McHenry County officials have proposed a 2019 budget that includes more than $9.8 million in tax cuts.
Of that amount, $7.53 million come from abatements and $2.3 million come from permanent reductions in the county’s property tax levy.
Last year’s budget included a $71.8 million property tax levy. The 2019 budget includes a $69.8 million levy.
The budget was released at the board’s regular meeting Tuesday night for a 30-day review. The board will vote on the budget Nov. 13.
“That totals $9.83 million that we’re proposing giving back to the taxpayers that we’re not going to collect this year,” said County Board member Michael Skala, who is chairman of the Finance and Audit Committee. “That’s something to be very proud of.”
The bulk of the permanent cuts comes from retired debt that rolled off the government’s books, Skala said. A reduced workforce head count also contributed to the cuts.
Abatements target line items throughout the budget, but those cuts will not affect services. For example, the proposed budget includes a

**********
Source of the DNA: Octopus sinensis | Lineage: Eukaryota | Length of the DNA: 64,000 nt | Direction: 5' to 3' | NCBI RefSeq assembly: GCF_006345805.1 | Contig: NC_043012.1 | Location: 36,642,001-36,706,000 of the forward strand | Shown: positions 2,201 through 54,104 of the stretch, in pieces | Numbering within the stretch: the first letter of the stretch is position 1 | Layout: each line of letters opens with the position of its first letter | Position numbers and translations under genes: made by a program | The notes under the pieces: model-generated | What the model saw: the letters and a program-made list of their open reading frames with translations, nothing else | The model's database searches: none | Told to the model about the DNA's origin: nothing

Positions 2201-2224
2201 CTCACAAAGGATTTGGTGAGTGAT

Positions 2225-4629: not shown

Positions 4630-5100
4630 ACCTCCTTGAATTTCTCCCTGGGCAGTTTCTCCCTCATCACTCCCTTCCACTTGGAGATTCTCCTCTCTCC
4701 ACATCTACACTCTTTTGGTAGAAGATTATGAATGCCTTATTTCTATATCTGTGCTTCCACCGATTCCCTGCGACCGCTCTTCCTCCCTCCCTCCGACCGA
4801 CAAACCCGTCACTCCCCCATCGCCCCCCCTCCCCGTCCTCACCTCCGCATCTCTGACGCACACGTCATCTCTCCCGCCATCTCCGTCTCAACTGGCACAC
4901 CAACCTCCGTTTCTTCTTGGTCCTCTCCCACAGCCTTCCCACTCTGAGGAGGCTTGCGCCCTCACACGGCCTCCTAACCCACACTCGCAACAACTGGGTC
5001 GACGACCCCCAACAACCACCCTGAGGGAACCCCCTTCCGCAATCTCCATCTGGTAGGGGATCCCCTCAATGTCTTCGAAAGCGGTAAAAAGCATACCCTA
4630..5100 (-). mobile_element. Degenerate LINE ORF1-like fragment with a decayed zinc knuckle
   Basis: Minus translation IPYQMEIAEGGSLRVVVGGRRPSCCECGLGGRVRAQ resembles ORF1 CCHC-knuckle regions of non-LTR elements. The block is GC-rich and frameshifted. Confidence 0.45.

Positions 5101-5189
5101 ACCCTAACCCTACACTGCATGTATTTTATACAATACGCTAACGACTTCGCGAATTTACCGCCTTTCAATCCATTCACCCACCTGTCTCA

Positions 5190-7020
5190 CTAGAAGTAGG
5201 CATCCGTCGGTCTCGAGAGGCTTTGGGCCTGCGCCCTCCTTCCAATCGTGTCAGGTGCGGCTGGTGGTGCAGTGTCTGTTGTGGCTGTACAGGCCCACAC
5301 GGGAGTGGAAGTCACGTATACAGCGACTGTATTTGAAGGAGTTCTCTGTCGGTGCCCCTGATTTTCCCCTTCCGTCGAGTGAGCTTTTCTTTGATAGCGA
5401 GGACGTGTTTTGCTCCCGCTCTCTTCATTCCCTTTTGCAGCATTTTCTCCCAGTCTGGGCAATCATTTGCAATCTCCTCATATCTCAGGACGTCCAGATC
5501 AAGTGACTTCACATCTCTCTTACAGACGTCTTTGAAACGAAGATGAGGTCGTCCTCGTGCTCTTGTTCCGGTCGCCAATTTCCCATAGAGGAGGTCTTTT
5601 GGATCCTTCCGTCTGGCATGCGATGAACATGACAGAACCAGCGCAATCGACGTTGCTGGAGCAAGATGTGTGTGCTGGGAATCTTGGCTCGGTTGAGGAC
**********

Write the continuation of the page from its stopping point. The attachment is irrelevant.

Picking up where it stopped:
$1.65 million abatement for senior services, but the program will remain fully funded using Valley Hi Nursing Home’s $40 million surplus.
The 2019 budget totals $211.6 million, which is $4.45 million less than the $216 million budget set for 2018.
Additions to the budget include $6.7 million to fund new police and emergency radios, a reconfiguration of the McHenry County Administration Building in Woodstock, and construction in the courthouse parking lot.
“We have a balanced budget that is smaller than the previous year without cutting a single service that the public relies on,” Franks said.
County Board member Joe Gottemoller said savings to taxpayers have been great in the past several years.
“Over the last five years, we left $29 million on the table,” Gottemoller said, applauding county staff for their work shaping next year’s budget.
The numbers included in the proposed budget could change before the County Board votes next month, Skala said, but taxpayers will see the same effect on their tax bills.
The County Board last year approved a budget including a 9.5 percent reduction in the county’s property tax levy.
Franks, who took office in December 2016 as the first board chairman directly elected by voters, ran on a campaign of cutting the county levy by 10 percent.
“I’ll say this until I’m blue in my face,” Franks said. “We need all of our taxing bodies – our municipalities, our townships [and] our school districts – to join us and reduce their budgets and to lower their levies.”